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Revista de Psiquiatria do Rio Grande do Sul

Print version ISSN 0101-8108

Rev. psiquiatr. Rio Gd. Sul vol.31 no.3 Porto Alegre Sept./Dec. 2009

http://dx.doi.org/10.1590/S0101-81082009000300006 

REVIEW ARTICLE

 

Eating disorders and circadian eating pattern: a review

 

 

Fabiana BernardiI; Ana Beatriz Cauduro HarbII; Rosa Maria LevandovskiIII; Maria Paz Loayza HidalgoIV

ISpecialist, Member, Group of Human Chronobiology, Hospital de Clínicas de Porto Alegre (HCPA), Universidade Federal do Rio Grande do Sul (UFRGS), Master's degree student, Medical Sciences Program, School of Medicine, UFRGS, Porto Alegre, RS, Brazil
IIMaster's Degree, Member, Group of Human Chronobiology, HCPA, UFRGS, Professor, Universidade do Vale do Rio dos Sinos (UNISINOS), PhD student, Medical Sciences Program, School of Medicine, UFRGS, Porto Alegre, RS, Brazil
IIIMaster's Degree, Pharmacist and biochemist, Hospital Nossa Senhora da Conceição (HNSC), Porto Alegre, RS, PhD student, Medical Sciences Program, School of Medicine, UFRGS, Porto Alegre, RS, Brazil

IVPhD, Psychiatrist, Associate professor, Department of Psychiatry, School of Medicine, UFRGS, Department of Psychiatry, HCPA, UFRGS, Porto Alegre, RS, Brazil

Study conducted at Hospital de Clínicas de Porto Alegre (HCPA), Universidade Federal do Rio Grande do Sul (UFRGS), Porto Alegre, RS, Brazil

Correspondence

 

 


ABSTRACT

This review aims at reviewing aspects related to eating disorders arising from changes in circadian rhythm. There was a systematic search in PubMed databases, using the following descriptors: eating disorders, circadian rhythm, night eating syndrome, binge eating disorder, and sleep patterns. Eating disorders, such as night eating syndrome and binge eating disorder, have been considered and related to a delay in circadian rhythm in food intake and impaired satiety. Circadian rhythms are those that show a period of 24 h, for example, sleep-wake cycle, body temperature, activity and eating behavior. Disorders related to changes in sleep-wake schedules influence the appetite, satiety and consequently food intake, which seems to increase such disorders. Circadian rhythm can influence eating behavior. However, more studies and knowledge about food rhythmicity might contribute to better understanding the current eating behavior, acting in prevention and/or treatment of eating disorders.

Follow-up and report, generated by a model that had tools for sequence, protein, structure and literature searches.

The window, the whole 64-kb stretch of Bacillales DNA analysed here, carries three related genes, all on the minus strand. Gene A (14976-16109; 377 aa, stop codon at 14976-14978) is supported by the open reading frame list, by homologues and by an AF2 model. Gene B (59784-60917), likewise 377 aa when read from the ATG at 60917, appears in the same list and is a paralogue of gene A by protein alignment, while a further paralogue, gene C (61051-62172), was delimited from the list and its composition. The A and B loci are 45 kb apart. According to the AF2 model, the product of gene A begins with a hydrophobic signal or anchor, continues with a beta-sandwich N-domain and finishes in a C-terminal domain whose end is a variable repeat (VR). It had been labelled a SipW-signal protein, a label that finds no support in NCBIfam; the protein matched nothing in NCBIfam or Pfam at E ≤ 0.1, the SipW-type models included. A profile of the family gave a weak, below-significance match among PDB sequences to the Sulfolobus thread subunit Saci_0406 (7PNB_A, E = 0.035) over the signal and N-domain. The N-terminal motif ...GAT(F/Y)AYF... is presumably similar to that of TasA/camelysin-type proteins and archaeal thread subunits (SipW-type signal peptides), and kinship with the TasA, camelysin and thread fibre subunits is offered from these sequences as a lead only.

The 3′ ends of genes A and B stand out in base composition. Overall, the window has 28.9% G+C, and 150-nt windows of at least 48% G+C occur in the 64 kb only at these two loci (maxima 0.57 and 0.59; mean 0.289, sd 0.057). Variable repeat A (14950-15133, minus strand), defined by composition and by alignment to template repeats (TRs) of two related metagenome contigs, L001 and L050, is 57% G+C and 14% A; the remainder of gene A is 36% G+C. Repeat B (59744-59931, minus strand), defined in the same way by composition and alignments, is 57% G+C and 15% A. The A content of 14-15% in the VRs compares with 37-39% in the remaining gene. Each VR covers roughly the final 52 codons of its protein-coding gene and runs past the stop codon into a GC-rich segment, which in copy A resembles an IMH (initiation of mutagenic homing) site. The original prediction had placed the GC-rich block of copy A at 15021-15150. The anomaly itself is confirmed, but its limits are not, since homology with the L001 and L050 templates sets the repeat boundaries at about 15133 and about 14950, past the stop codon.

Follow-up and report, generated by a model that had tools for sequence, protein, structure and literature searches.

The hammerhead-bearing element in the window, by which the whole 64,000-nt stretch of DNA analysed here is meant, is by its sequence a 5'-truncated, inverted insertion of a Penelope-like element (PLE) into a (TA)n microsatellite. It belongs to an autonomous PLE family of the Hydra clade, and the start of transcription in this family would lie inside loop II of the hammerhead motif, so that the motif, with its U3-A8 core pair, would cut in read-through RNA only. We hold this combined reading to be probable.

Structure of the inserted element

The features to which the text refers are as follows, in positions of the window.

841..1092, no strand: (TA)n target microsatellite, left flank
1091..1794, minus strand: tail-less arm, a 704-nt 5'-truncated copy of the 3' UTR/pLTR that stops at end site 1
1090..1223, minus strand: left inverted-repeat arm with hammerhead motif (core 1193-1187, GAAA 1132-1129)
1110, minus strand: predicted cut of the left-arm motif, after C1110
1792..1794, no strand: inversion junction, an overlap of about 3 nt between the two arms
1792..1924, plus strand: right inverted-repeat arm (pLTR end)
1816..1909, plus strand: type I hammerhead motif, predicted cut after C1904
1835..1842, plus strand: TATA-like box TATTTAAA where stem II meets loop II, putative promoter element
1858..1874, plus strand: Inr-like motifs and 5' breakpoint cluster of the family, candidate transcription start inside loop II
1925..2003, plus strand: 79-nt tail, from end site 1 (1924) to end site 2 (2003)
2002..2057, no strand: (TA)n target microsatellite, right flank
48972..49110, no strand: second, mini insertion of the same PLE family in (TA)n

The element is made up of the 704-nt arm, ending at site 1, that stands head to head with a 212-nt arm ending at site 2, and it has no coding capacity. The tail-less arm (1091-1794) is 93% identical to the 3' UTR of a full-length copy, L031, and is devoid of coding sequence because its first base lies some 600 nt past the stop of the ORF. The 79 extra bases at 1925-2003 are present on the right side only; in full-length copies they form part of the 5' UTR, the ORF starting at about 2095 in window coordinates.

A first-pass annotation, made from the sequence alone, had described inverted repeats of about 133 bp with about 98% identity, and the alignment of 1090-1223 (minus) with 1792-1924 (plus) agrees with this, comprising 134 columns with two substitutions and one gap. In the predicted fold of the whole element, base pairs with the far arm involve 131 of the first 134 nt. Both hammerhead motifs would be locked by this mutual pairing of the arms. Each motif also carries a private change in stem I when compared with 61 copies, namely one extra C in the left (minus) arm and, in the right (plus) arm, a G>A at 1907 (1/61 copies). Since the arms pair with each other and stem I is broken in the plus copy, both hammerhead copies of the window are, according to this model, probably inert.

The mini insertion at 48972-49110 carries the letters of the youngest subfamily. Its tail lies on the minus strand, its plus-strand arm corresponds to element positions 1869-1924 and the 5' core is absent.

Keywords: Eating disorders, circadian rhythm, night eating syndrome, binge eating disorder, sleep patterns.


 

 

INTRODUCTION

The etiopathogenesis of eating disorders is complex. The biological, psychological, and environmental factors that can affect the circadian rhythms have been considered to play a role in the development of disorders such as the night eating syndrome (NES) and binge eating disorder (BED).1 The hormone circadian rhythm alteration and the disorders caused by changes in sleep-wake cycle have an influence on appetite, satiety, and, as a consequence, on the eating intake,2 which seems to promote the development of these disorders.

Circadian rhythms, similarly to the sleep-wake cycle and the eating behavior, are managed by an internal clock, which is synchronized according to the 24-hour period. The circadian system is responsible for guaranteeing the synchronization between behaviors and physiological and molecular systems, controlling expressions of adipokines, enzyme activities, and the hormones responsible for controlling the eating process. Desynchronization of the circadian rhythms has been studied in eating disorders such as NES and BED, considered as clinical examples of dissociation in the circadian eating pattern and in satiety.3

NES has been related to a delay in the circadian rhythm of food intake, combined with depressed mood.4,5 It was first described by Stunkard in a group of obese patients who had similar characteristics such as morning anorexia, evening hyperphagia, and insomnia6 Current estimates indicate that 0.5 to 1.5% of the U.S. population has NES. In outpatient clinics for obesity care, these rates range from 6 to 14%, reaching 42% in patients who seeking surgery for obesity in h the USA.7 Psychiatric patients have a prevalence of 12%, regardless of their weight.8 NES has also been reported in 15% of the individuals seeking treatment for BED.9